Focus on Collage: Daria Birang
Multi-talented artist Daria Birang has a long and diverse career. She works as an art director, painter, editor for some of the best contemporary photographers and, of course, an artist who uses collage. She uses images from a range of sources as diverse as fashion advertisements to photographs of the 2011 revolution in Egypt or the Civil Rights Movement in the United States. There is a reason for this. In our interview she says she “loves the diversity in fashion, beauty, journalism, reality, and fiction.”
There are several perspectives through which I could start this article, audaciousness definitely being one of them. The photographs Daria selects for her collages (for instance, those by Magnum agency photographers or renowned Dutch fashion photographers Inez and Vinoodh) are, by themselves, some of the finest ever produced. Being able to add other layers to these images while still carefully retaining the power of the original photograph is a bold statement in itself, but Daria goes beyond that. Her work reinforces, challenges, builds on, or distorts unexpected narratives and trains of thought, making them powerful tools to reflect upon. A narrative drift is voluntarily searched for, and intensity achieved. Good stories are told again and again, and even those of extreme simplicity end up being recreated or retold through different contexts, subjects, or standpoints.
Daria’s work shows us how one’s approach to a photograph or, better yet, the combination of fragments of several photographs, can expand the beauty and impact of an image and our interpretation of it to unforeseen elements and dimensions. There are many ways to achieve such a feat and Daria has a vast repertoire of them, but maybe one that is particularly interesting is the multiplicity of what French theorist and critic Roland Barthes called the punctum – that is, the detail that made the photograph- in several of her collages. The question is: how do we react when an image has several punctum or, to be rigorous, puncta? Such is the case with Civil Rights – Strong Boy, Civil Rights – Prayer, Riot 2, and Riot 3. And, in a different way, in Jim Jarmusch & Claudia Schiffer. A repetition, though not in excess, is one of the reasons why there is a continuous aggregation of intensity and narrative, providing new possibilities of what could be or what could have been to the point one could even talk of an exponential image, a fractal. Her work excels in these possible futures.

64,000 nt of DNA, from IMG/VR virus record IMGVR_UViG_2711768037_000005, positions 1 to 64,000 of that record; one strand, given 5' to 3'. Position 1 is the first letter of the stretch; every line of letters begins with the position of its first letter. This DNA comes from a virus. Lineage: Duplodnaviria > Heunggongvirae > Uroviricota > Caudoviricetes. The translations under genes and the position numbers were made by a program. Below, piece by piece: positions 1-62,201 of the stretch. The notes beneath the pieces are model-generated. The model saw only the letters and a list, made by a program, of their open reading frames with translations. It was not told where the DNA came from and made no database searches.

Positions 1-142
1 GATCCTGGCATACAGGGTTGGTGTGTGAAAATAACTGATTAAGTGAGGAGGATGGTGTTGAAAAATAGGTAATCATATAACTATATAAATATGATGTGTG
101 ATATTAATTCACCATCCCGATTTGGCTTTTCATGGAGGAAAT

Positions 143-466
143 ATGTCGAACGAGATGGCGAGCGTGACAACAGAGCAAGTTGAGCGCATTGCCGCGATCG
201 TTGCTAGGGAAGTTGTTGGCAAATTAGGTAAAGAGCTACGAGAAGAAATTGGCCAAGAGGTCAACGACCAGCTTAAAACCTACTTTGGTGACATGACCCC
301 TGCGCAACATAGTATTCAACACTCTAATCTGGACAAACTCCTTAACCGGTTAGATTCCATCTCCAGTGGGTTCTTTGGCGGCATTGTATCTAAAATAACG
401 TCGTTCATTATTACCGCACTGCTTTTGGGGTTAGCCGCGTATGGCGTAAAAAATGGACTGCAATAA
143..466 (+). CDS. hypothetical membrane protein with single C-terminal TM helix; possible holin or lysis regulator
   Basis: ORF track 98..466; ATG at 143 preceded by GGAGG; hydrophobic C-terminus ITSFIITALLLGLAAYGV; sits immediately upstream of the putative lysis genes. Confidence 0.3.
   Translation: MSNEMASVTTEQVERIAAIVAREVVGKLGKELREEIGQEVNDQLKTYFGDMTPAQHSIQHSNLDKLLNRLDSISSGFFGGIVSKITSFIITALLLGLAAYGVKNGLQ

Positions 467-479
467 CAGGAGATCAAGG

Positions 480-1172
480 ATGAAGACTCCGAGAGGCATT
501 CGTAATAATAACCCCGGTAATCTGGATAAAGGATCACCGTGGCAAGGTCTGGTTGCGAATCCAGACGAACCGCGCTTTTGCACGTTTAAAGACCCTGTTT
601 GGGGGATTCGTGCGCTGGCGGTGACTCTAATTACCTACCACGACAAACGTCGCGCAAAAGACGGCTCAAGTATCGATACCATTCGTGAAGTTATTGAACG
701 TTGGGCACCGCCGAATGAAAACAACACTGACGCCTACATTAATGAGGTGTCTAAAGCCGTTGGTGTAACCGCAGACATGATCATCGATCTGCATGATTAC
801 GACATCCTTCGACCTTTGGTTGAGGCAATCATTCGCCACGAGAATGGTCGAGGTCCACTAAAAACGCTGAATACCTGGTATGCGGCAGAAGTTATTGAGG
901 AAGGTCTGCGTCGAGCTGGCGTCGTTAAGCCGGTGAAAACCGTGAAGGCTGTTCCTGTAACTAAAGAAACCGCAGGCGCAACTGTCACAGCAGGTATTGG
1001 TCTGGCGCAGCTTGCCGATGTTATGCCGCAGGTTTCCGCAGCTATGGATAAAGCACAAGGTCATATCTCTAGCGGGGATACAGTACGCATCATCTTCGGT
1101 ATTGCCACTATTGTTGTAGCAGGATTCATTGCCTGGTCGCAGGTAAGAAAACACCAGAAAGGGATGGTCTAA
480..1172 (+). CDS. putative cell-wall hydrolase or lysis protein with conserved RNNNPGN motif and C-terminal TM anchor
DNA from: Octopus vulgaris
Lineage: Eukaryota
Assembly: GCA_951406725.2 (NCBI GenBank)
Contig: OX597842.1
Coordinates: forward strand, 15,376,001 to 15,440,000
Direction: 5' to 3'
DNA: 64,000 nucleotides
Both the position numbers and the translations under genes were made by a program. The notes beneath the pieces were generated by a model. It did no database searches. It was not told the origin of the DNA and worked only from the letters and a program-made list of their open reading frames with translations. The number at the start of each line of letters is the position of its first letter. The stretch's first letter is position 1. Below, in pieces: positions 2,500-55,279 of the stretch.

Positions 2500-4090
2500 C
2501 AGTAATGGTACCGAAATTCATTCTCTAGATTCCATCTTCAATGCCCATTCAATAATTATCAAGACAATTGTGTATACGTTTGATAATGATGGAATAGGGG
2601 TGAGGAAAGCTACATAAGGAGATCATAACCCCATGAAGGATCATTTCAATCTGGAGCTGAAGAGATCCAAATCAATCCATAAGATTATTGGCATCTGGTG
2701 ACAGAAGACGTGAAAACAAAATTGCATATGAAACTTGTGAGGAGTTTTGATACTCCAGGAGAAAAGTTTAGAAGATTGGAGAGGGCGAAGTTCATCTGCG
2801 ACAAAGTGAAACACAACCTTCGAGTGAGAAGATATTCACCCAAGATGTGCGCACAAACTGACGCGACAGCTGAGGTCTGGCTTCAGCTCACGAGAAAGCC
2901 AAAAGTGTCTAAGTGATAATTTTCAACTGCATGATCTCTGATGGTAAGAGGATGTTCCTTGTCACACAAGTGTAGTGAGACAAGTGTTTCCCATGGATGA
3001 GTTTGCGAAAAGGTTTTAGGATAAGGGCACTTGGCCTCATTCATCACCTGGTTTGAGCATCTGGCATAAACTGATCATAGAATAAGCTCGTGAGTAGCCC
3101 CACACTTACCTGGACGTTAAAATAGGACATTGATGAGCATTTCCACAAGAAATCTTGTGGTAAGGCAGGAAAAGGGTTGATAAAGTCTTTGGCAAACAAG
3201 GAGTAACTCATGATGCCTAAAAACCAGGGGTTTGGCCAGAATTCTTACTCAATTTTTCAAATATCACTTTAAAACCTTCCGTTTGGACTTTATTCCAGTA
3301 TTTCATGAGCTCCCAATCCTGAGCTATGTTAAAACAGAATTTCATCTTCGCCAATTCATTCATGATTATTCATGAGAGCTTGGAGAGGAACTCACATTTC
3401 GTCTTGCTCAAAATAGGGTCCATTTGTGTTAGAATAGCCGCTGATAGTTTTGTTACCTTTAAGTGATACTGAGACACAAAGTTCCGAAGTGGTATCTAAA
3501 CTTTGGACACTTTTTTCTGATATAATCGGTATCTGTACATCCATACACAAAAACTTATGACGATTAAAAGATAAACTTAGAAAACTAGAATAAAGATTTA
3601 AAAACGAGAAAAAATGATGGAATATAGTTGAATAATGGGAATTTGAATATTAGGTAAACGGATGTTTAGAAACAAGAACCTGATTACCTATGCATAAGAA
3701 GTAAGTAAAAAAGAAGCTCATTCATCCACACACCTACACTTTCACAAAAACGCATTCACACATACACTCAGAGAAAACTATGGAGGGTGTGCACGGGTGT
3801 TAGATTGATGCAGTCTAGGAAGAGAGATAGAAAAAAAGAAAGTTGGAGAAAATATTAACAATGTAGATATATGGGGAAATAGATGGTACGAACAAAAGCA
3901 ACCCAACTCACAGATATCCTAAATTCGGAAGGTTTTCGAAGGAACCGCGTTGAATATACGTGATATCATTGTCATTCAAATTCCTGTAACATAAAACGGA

One last remark: these collages are extremely contemporary. American elections, racial injustice; these are times in which life- whatever the overall definition for that may be- has a particular resemblance to theatre and dance. These are plays that, with different actors and circumstances, get replayed every so often, although aesthetics change. Daria’s work provides both a contemporary and historical overview.
Carlos Barradas: It’s really interesting that you use material that’s already excellent and give it new meaning and strength without losing the intention of the original photograph. Can you elaborate on that?
Daria Birang: Maybe it’s because of the significance of the photographs that I tend to be careful not to ruin the image. Instead I give it a new meaning by taking away parts of the image or adding another one. I am very aware of the power of the initial image, and I try to find the parts I can use best with another. I usually don’t use more than two or three photos in one collage. I don’t build by using little bits, I construct by using parts, unless I use a lot of similar ones and make them dance.
I have been extremely fortunate to be able to use amazing photographs. I wouldn’t want to mess up an already beautiful, meaningful image. Sometimes I do think I could be a bit less careful when I make things, and when I paint, but that is a whole other story.